Is YouTube feeding the regional crackdown on cyber-activists?

Esra'a Al Shafei, director of, looks at YouTube's suspension of Egyptian blogger Wael Abbas' account, and wonders why the tech giant is choosing the side of the oppressors of free speech.
By Esra'a Al Shafei
Torture Egypt
Why does YouTube consider the Rodney King video suitable but not Wael Abbas' videos of torture in Egypt? R.R.

The internet has been a prominent tool for human rights activists to convey and receive controversial information. Many interactive websites allow activists to network, help, and empower each other.

One of such sites is YouTube, a video-sharing network where users can upload and host videos. YouTube continues to serve as a vital source for videos that reveal various human rights abuses such as police brutality in restricted countries like Egypt and Iran.

Many activists were comforted in the knowledge that new technology is aiding their efforts in increasing awareness about the injustices taking place in censorship-ridden societies.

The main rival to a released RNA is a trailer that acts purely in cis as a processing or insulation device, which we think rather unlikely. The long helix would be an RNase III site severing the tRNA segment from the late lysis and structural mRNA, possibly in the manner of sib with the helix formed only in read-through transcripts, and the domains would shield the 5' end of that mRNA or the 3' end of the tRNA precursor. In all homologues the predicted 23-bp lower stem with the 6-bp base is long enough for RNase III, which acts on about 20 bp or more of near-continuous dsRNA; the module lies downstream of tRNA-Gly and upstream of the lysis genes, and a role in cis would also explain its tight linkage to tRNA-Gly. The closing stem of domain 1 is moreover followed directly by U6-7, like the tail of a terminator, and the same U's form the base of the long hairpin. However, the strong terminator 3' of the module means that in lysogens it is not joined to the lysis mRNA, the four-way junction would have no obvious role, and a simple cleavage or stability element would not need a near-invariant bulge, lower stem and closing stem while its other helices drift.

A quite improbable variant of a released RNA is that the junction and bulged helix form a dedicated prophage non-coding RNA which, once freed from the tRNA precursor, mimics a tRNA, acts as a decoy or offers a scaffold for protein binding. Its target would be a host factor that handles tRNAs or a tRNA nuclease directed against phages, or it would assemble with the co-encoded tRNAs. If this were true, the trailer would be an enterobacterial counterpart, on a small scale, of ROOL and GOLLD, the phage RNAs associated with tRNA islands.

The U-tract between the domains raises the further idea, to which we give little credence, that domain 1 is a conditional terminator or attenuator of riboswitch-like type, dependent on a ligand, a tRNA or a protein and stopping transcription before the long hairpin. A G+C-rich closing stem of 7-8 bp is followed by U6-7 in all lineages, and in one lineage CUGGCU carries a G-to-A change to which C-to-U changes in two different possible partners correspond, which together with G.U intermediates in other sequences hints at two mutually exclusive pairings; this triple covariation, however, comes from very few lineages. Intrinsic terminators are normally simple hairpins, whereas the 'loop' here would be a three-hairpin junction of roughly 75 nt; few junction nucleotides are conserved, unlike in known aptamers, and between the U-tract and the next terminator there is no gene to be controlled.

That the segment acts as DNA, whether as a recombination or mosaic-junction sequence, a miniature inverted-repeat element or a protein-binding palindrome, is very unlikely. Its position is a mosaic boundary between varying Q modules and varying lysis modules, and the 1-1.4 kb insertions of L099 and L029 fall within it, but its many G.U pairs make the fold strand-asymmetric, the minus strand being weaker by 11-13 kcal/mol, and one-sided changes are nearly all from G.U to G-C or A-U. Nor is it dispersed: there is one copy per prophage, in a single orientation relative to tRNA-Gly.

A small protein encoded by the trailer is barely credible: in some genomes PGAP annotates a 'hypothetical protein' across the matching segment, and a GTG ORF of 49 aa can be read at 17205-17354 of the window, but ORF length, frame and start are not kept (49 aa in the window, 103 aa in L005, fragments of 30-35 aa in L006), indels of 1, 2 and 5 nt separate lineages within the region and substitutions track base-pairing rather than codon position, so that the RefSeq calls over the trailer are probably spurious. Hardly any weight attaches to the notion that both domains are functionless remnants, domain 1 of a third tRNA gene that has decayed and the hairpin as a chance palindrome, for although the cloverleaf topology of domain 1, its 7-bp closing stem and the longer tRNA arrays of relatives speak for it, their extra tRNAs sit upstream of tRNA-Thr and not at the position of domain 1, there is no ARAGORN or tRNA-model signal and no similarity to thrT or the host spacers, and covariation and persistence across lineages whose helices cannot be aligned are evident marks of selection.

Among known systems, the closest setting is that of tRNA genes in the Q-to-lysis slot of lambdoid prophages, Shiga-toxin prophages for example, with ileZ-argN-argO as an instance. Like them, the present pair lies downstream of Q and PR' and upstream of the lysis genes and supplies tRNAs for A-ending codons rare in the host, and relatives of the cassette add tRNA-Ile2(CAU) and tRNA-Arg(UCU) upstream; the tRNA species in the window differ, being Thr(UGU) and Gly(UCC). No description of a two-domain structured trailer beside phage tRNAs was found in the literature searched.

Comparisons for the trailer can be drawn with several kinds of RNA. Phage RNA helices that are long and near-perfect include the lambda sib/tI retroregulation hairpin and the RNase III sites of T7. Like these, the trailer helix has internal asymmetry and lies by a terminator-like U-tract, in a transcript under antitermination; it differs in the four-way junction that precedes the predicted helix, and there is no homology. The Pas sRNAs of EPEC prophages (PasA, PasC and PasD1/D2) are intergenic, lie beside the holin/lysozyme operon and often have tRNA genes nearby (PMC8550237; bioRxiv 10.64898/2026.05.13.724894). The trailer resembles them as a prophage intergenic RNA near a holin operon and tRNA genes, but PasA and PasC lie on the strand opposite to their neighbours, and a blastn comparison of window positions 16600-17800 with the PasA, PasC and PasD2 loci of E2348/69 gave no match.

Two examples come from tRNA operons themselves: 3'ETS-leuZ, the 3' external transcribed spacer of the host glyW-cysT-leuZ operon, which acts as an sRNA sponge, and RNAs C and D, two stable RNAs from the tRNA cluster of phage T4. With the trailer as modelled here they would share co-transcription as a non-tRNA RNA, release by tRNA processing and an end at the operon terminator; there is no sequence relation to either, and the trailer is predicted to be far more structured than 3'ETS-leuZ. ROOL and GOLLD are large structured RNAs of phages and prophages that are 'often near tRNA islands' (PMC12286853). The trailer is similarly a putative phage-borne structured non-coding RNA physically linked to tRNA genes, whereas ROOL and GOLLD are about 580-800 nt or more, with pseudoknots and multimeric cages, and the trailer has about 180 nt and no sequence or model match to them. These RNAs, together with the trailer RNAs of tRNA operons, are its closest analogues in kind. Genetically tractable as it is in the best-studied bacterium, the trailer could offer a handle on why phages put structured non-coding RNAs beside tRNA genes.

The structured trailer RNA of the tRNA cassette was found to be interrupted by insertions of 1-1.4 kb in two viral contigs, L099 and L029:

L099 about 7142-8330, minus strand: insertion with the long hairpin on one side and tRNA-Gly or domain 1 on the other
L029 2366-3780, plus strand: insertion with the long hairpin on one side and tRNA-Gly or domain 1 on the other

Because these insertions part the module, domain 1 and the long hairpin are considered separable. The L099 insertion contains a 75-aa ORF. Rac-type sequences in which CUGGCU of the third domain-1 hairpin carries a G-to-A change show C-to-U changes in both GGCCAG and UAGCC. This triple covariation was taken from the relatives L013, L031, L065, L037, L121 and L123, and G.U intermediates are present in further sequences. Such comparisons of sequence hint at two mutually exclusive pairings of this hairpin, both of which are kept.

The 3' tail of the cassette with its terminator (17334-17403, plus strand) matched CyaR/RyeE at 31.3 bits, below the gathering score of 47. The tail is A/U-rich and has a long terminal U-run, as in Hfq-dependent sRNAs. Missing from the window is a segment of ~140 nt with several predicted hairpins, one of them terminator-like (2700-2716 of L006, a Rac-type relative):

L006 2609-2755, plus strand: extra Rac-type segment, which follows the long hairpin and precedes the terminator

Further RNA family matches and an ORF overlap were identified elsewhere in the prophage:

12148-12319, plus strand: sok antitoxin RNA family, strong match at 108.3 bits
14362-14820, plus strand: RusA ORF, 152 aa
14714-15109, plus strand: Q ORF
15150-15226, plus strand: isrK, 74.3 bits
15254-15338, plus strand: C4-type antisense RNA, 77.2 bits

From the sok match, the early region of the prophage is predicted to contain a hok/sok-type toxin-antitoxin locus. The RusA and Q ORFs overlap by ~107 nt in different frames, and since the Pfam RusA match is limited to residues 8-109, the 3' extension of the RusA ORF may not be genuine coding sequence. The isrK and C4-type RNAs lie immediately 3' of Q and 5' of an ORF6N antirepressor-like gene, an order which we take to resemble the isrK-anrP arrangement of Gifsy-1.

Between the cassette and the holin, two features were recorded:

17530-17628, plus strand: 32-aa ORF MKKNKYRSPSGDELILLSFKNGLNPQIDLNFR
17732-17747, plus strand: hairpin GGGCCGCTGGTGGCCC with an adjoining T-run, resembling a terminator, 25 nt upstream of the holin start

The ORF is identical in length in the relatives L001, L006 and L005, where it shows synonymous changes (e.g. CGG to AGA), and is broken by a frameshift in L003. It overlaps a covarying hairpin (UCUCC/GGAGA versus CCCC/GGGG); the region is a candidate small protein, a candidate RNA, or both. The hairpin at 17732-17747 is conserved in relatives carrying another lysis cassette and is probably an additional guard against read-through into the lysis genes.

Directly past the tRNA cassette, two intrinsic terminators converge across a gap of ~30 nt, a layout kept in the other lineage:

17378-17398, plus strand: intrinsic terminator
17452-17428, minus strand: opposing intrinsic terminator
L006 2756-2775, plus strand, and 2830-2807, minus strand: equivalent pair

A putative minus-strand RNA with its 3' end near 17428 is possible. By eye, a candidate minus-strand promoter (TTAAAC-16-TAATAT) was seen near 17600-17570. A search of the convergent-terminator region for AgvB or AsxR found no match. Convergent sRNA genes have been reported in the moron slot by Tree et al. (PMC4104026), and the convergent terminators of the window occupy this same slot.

Egyptian blogger and anti-torture activist Wael Abbas is one of several Egyptians who take advantage of the many benefits of sites like YouTube to further their struggle for justice in their country. Abbas’ videos contained unpleasant and alarming scenes of police brutality in Egypt, many of which were revealed for the very first time.

Reactions such videos were receiving only proved the growing influence of YouTube, which undoubtedly inspired other activists to find and circulate videos that were relevant to their efforts. Videos of rallies, court cases or interviews of controversial bloggers such as the currently imprisoned Kareem Amer soon became a common find for users seeking civil rights in Egypt.

This, one would think, is a positive outcome of technology. For once, rampant regional censorship couldn’t stop us from accessing videos that showed the true nature of certain governments and what they were actively trying to hide from the public.

YouTube apparently holds a different viewpoint.

Last week, its staff suspended Abbas’ YouTube account for several days, causing the deletion of dozens of videos that reveal torture taking place in Egyptian prisons.